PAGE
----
When I arrived in Aberdeen in the autumn of 1967, to begin my studies at the School of Architecture, the first thing I did with my student grant, after paying my dig money, was to buy a guitar. It was nylon string bottom of the range Tatra classic from Bruce Millers in George Street.  At the same time I became involved in a Friday night coffee bar run from the basement of the Salvation Army Citadel at the west end of Castle street. You entered through a small door on a side street, where the North Sea wind hurled its way up into town, and down a flight of stairs to a brightly painted room with a small stage and mic and a counter at the other end serving hot milky coffee, Coke and Fanta. The café was called “The fishing net” a reference to Jesus’s commission to Peter “I will make you a fisher of men”. It was decorated with paintings of fish, seaweed, brightly colourer nets and fishing tackle. During the evening a small folk trio or solo artist would play and sing and someone would speak with a message. It was run by a number of churches in the city with the aim of making connections with young folk on the streets on a Friday evening. , They were invited in, befriended and engaged in conversation.  I had only been going for a few weeks when one of the leaders asked me to play and sing on the following Friday. With foolish naivety, I accepted, completely oblivious to the fact that I had no material and had never sung, far less played guitar, in public before.  Hastily I scratched a couple of songs together, one which had a remarkable and not unconscious resemblance to the Kinks “Sunny afternoon” and the other to the Beatles “a day in a life” The third was a spiritual. I practised hard but as the day grew nearer became more and more aware of my foolishness. I remember the night very clearly, walking across to the stage with guitar over shoulder shaking like a leaf, thinking “I can’t do this” and praying “lord if you really want me to do this, let it be you who does it”. It is a prayer I have found myself praying each time I have been asked to sing, since. The noisy room was suddenly stilled and as I ham fistedly clunked my way through the songs I had this strange experience as if standing outside myself looking on as someone else took over, carrying the message to the hearers.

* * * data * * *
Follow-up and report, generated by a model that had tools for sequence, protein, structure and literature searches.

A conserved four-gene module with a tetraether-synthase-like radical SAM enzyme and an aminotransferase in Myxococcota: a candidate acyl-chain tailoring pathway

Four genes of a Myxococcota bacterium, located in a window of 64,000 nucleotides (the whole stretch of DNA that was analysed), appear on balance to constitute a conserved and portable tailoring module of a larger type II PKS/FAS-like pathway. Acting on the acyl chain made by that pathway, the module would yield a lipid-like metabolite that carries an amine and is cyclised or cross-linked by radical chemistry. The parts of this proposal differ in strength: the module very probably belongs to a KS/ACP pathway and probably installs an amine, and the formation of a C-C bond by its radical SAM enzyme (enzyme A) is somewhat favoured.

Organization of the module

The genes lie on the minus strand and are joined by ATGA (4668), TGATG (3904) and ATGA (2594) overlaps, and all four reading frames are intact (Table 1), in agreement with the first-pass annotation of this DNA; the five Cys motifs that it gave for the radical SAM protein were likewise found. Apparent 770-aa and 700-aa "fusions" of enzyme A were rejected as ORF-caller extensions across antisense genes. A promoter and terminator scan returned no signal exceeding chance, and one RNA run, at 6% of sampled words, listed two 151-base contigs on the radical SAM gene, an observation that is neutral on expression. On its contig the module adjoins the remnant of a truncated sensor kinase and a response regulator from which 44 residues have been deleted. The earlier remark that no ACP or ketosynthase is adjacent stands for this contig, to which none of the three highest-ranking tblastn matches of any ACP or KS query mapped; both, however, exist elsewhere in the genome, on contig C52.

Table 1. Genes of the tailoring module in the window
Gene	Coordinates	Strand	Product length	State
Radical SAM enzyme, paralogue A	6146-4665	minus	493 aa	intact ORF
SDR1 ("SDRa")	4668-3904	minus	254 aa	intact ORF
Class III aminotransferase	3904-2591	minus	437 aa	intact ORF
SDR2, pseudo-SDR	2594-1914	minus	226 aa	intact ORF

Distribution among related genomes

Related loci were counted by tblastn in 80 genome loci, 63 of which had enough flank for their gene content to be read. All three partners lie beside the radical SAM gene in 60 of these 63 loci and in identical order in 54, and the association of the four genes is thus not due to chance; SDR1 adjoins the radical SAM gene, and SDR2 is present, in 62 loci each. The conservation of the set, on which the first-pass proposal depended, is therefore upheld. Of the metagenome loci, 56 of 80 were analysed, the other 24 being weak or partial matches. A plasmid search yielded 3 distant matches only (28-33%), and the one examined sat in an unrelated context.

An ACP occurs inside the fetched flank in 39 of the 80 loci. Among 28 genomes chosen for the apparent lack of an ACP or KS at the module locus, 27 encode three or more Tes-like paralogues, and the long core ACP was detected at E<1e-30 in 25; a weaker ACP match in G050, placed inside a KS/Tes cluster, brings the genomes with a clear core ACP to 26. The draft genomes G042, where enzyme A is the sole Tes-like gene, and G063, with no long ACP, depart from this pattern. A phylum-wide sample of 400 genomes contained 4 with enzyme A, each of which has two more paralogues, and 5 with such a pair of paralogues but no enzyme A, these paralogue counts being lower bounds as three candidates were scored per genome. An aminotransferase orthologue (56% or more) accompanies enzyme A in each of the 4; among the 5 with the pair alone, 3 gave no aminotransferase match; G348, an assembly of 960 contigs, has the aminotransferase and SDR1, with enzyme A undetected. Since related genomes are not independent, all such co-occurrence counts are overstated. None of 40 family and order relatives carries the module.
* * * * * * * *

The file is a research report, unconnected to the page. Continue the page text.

Once finished and with the waves of relief pouring over me I relaxed at a table and fell into a discussion with a slightly inebriated leather clad rocker. He wasn’t interested in the songs but wanted to argue about the existence of God.  I was helpless and could offer no good explanation or original thought.  We were soon joined by two others, one clutching a battered bible. Suddenly there was clarity and rational in the discussion and I sat back with dropped jaw listening to the discussion amazed at the command of our new friend. (the one doing the talking) He had understanding and ability to communicate the cosmic realities of creation and redemption and the wonder of the gospel in spell bounding clarity. It was only after he left that I learned that he was already well known in student and church groups, the president of the Christian Union in the University and later a significant figure in Reformed Christian circles both in Scotland and the USA, highly regarded for his teaching, writing and editorial work.  So it was a surprise,  that our lives should cross again some 45+years later, when we both joined with our families, in our new church setting. It was an added and unexpected delight to hear him preach. While some preachers become old and tired and tread well-worn predicable paths and others have spoken for a specific time and place, his preaching carried refreshing  timeless authority, vitality and relevance.   Now endowed with the richness of truth distilled slowly through the years it was presented with crystal clarity, much as it was, around the table, in the basement café, all these years ago.